Company Profile: On2 Technologies Pledges Continued Innovation

Sometimes timing is everything. Two weeks ago, as part of a series I’ll be doing over the next few months on streaming media executives, I had the opportunity to interview Doug McIntyre at On2 Technologies’ corporate offices in Manhattan. I found McIntyre to be very open and straightforward, with compelling micro- and macro-level perspectives on streaming media, from codecs and formats to big-picture analysis. Doug’s perspective had been honed from five years at On2, coupled with a business skills set anchored in traditional print media, in which he was involved until new media came calling, looking for traditional media executives in the late 1990s.

The story, set to publish today, however, was pre-empted by the announcement last week that McIntyre was leaving the company. So the article now becomes less about his key role in positioning the company for the growth it’s experiencing today and more a look at how the company fits into the industry as a whole. First, though, a brief recap of the company.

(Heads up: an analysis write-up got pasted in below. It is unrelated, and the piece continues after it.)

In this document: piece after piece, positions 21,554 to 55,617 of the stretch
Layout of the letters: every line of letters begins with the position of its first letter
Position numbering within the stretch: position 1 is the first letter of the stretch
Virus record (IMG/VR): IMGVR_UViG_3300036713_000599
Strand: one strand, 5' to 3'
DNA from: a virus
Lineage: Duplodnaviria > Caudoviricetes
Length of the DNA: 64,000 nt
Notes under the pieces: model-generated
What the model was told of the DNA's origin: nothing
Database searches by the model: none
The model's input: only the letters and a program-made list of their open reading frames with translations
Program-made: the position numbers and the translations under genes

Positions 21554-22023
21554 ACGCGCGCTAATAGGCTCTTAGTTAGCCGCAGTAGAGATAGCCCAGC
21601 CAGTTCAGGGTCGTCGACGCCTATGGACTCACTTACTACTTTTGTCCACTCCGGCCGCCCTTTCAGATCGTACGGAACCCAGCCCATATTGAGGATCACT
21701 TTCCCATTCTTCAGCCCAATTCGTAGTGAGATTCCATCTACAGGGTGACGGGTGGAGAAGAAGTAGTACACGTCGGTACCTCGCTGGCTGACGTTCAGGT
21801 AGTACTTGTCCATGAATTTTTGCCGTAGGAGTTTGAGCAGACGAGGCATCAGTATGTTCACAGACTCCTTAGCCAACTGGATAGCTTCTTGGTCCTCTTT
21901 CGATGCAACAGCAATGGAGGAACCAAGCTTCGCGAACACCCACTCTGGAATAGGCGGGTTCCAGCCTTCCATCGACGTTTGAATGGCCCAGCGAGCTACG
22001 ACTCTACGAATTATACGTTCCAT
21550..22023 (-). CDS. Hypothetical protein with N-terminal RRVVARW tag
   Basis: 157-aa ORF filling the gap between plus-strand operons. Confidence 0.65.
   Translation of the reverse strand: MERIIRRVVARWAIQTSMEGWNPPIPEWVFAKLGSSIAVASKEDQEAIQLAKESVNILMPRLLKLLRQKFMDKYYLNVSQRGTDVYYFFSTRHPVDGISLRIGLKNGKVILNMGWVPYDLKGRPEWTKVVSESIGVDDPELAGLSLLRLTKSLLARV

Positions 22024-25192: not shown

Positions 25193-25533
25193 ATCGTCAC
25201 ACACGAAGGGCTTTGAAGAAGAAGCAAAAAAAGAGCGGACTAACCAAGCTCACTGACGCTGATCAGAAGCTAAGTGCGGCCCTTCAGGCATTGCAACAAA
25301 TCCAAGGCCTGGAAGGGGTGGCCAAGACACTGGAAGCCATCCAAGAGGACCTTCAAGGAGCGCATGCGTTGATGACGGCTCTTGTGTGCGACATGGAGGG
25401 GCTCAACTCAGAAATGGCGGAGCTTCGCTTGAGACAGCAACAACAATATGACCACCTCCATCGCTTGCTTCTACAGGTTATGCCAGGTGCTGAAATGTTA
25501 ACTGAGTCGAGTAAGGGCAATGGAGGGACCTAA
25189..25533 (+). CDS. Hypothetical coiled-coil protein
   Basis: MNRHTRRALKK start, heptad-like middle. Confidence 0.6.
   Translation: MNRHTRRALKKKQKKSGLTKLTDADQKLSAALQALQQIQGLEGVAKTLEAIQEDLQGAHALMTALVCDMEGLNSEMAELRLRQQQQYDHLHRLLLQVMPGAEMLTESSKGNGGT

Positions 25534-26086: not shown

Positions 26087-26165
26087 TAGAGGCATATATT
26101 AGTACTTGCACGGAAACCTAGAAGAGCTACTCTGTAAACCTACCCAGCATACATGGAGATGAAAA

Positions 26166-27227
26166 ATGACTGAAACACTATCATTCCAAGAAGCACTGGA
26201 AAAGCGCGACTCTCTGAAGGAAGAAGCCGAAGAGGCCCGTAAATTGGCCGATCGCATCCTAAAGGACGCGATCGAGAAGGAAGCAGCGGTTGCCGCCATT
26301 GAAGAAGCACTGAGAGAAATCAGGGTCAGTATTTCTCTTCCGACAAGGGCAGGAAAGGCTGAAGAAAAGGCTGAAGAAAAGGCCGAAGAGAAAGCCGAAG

On2 (formerly known as The Duck Corporation) went public back in 1999. Like other tech companies at the time, it boasted an impressive stock value, peaking near $40 per share, before the bubble burst and stock values shot downward. During our interview, McIntyre noted there had been some "lean years" since 2001, and the stock reflects that–having peaked once in mid-2003 just below $4 per share before settling back to a range just above or below $1 for the past two years.

2005 brought a significant amount of growth to On2, with major licensing announcements for its VP6 codec from companies such as Skype, AOL, and Macromedia. The latter was of particular interest in the digital media/content creation industry, as Flash is used to varying extents on a significant number of Web sites and the Flash player is hence installed on the vast majority of Internet-enabled Windows and Macintosh machines.

The former two licensees, however, are also of significant interest to On2’s management team, who view Skype and AOL’s Triton instant messaging services as harbingers of a new breed of consumer electronic devices. In fact, McIntyre went so far as to say that while On2’s VP6 and VP7 codecs might not compete as effectively in the race for high-definition codec supremacy, the company was positioning its codecs with "sweet spots" (the bandwidth level at which the codec works most efficiently) that were easily within reach of today’s CE devices.

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